Stories

 {Photo Credit: Leonard Razafimandimby/AIM}Herilalaina with his healthy 4-month old childPhoto Credit: Leonard Razafimandimby/AIM

In remote communities of Madagascar, the distribution of chlorhexidine, an antiseptic and disinfectant, by community health volunteers (CHVs) is a major innovation that greatly contributes to the reduction of child mortality. This umbilical ointment prevents deadly infections and eases the healing process.

 {Photo Credit: Tsion Issayas/MSH}Aster Ammanuel (second from right) has more time to spend with her family now that the time needed for her visits to the hospital has decreased.Photo Credit: Tsion Issayas/MSH

Aster Amanuel Desalegn lives in Debre Markos, 190 miles from the Ethiopian capital of Addis Ababa. She is a 70-year-old mother of four and grandmother of two. Her granddaughters, Emuye, 6, and Blen, 8, live with her. On a trip back from visiting family in Addis Ababa 20 years ago, Desalegn fell ill and went to the nearest health center for help. Doctors said her blood sugar level was critically high and she needed to start treatment right away. For the past 12 years, Desalegn has been taking insulin.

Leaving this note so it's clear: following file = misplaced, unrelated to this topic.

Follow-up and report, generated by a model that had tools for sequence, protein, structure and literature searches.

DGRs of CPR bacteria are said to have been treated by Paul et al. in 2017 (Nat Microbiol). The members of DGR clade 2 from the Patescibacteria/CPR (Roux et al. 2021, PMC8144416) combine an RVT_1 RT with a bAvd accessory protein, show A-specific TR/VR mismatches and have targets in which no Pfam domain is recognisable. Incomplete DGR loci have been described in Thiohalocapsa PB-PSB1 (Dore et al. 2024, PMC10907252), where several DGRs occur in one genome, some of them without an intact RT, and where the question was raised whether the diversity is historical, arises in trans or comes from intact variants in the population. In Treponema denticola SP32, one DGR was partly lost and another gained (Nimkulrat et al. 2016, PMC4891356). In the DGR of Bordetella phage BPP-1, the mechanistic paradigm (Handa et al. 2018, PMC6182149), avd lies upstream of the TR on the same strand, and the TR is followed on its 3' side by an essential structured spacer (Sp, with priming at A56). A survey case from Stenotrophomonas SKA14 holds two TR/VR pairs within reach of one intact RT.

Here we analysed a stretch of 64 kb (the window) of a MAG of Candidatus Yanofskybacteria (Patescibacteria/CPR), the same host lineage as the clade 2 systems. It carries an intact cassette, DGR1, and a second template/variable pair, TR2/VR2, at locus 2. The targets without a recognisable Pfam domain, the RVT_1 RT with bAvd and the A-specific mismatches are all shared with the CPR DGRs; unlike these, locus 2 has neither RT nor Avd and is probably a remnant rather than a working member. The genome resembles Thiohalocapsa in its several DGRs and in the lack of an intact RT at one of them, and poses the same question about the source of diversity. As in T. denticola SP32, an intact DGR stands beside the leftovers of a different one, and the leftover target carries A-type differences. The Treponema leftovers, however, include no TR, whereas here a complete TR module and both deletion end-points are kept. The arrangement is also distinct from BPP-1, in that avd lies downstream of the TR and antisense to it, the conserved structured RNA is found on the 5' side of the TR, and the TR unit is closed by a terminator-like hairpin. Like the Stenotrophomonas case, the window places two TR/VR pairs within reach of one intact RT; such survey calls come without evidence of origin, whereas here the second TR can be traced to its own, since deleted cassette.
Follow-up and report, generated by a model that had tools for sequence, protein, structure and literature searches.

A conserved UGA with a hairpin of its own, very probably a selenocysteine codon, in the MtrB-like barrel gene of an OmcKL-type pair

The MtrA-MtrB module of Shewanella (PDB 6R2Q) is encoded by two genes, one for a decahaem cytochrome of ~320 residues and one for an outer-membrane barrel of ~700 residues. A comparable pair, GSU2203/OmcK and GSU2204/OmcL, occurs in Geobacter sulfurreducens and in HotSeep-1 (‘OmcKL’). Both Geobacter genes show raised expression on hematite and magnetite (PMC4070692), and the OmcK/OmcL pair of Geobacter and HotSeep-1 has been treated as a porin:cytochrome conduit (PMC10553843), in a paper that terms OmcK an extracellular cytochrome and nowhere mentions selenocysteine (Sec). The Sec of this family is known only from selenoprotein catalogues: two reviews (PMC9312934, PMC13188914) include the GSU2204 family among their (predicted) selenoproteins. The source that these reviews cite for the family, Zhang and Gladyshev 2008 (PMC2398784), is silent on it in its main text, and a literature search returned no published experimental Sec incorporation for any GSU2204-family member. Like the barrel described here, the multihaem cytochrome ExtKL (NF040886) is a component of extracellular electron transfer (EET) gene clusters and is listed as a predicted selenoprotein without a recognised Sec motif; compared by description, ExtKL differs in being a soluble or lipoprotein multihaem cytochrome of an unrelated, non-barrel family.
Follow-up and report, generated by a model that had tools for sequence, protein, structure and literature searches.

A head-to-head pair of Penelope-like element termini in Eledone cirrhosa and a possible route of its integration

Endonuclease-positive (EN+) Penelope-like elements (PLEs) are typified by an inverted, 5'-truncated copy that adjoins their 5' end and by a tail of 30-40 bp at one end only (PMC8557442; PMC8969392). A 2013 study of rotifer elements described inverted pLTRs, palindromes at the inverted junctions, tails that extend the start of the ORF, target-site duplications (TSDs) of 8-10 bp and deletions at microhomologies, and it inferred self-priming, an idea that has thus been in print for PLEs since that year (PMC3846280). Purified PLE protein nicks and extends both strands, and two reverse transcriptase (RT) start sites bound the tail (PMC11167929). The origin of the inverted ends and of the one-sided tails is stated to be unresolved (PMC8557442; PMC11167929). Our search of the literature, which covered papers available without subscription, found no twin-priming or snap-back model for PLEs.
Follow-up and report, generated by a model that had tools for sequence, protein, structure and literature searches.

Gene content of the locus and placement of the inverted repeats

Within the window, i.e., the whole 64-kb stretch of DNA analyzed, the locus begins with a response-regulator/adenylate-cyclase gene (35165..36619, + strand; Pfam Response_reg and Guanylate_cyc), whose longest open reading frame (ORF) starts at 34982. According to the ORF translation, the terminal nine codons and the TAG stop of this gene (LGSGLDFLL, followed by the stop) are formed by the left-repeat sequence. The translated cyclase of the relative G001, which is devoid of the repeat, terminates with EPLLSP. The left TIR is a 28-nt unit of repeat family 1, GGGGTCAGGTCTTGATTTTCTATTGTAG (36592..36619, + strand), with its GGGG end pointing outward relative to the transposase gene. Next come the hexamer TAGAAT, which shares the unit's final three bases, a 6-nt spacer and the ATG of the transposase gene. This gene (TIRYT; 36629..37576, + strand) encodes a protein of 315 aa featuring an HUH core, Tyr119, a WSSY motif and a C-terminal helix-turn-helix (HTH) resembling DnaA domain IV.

{Photo Credit: Males Emmanuel/MSH}Baby Mary after two successful weeks on anti-TB treatmentPhoto Credit: Males Emmanuel/MSH

At nine months old, Mary Yeno had lived with TB for nearly half of her short life before being accurately diagnosed and treated. Mary’s mother, Flora Faida, carried the baby to three different health facilities without success. “She was coughing and had difficulty breathing. She stopped breastfeeding,” Faida said.

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